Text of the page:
These four books are all selected in the spirit of ‘a retweet is not an endorsement’ to provoke discussion and reflection – that’s the point of a book club, right?
31st January: Mason Currey, Daily Rituals Women at Work (Picador 2019)
I invite you to read this one with a sense of curiosity. You can read in order or just skip around. As you do, you might notice: Which of these habits sound appealing, like something I might try? Which sound appalling, like something I would never do, and why not? You might wonder, what do my reactions reveal about me, my own rhythms, priorities, and values?
28th February: Cal Newport, Deep Work (Piatkus 2016)
This book does two things at once, which is a pretty neat trick. On the one hand, it (unintentionally) sets up our critique of the macho, neoliberal model of productivity. On the other, it offers some quite interesting research and some truly useful ideas. So I suggest you read it with two hats on: both as feminist alert to sexism and patriarchal assumptions, and as person looking for useful ways to work more efficiently and consistently. And I will challenge you, when you are through, to sit down and ask yourself, ‘What are my own Deep Work (& Life) Rules?’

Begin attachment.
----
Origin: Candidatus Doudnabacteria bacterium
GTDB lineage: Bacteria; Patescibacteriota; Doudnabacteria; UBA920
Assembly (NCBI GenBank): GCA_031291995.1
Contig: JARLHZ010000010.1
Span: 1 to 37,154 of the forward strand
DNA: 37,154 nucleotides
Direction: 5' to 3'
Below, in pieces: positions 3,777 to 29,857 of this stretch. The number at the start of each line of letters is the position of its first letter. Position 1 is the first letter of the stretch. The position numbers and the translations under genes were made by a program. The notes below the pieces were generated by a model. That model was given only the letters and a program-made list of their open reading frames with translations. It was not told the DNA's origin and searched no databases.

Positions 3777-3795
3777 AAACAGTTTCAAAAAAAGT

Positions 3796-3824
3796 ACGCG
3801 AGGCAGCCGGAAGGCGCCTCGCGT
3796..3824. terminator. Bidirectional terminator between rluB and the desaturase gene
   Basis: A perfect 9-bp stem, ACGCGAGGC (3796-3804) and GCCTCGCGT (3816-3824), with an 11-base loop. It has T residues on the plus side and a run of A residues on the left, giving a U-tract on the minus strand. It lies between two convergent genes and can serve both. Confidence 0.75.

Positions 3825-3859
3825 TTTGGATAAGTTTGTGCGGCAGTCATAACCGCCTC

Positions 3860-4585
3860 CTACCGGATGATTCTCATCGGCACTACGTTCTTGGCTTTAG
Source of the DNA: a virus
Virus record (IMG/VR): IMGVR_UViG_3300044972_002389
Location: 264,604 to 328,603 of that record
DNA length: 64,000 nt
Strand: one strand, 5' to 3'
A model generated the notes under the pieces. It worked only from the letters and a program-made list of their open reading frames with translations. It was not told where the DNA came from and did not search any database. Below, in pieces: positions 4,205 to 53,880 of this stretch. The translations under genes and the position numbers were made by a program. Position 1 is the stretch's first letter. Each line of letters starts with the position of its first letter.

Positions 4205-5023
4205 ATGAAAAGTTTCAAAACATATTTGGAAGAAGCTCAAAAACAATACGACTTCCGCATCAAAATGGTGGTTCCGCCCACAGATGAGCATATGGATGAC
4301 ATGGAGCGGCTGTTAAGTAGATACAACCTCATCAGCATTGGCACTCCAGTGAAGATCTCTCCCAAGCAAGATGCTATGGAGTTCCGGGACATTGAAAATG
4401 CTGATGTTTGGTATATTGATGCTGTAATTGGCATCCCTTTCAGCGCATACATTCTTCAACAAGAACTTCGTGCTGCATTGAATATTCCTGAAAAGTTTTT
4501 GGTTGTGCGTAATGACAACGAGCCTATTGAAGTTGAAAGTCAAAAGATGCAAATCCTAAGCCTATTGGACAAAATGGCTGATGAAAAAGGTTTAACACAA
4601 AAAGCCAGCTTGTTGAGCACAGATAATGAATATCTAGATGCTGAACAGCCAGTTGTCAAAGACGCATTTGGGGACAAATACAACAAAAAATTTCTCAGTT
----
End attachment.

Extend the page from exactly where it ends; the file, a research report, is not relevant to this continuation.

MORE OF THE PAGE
14th March: Kate Northrup, Do Less (Hay House 2019)
I suspect Northrup’s book may be the most polarising of the four. Intended as an alternative to ‘leaning in,’ it is about letting natural cycles – of menstruation, the moon, the seasons – guide your work and effort. Personally, I alternate between nodding in agreement and rolling my eyes into the top of my head when I read it. Really looking forward to discussing it with you.
28th March: Oliver Burkeman, 4000 Weeks (Bodley Head 2021 & FSG 2021)
The current productivity must-read, and I think it’s brilliant. If I were to write a productivity book, this would be the one. What happens when you realise that this — this right now — is your one and precious life?
The Enough! Book Club Guiding Principles: 1. Having read the whole book is optional. 2. Wine is encouraged.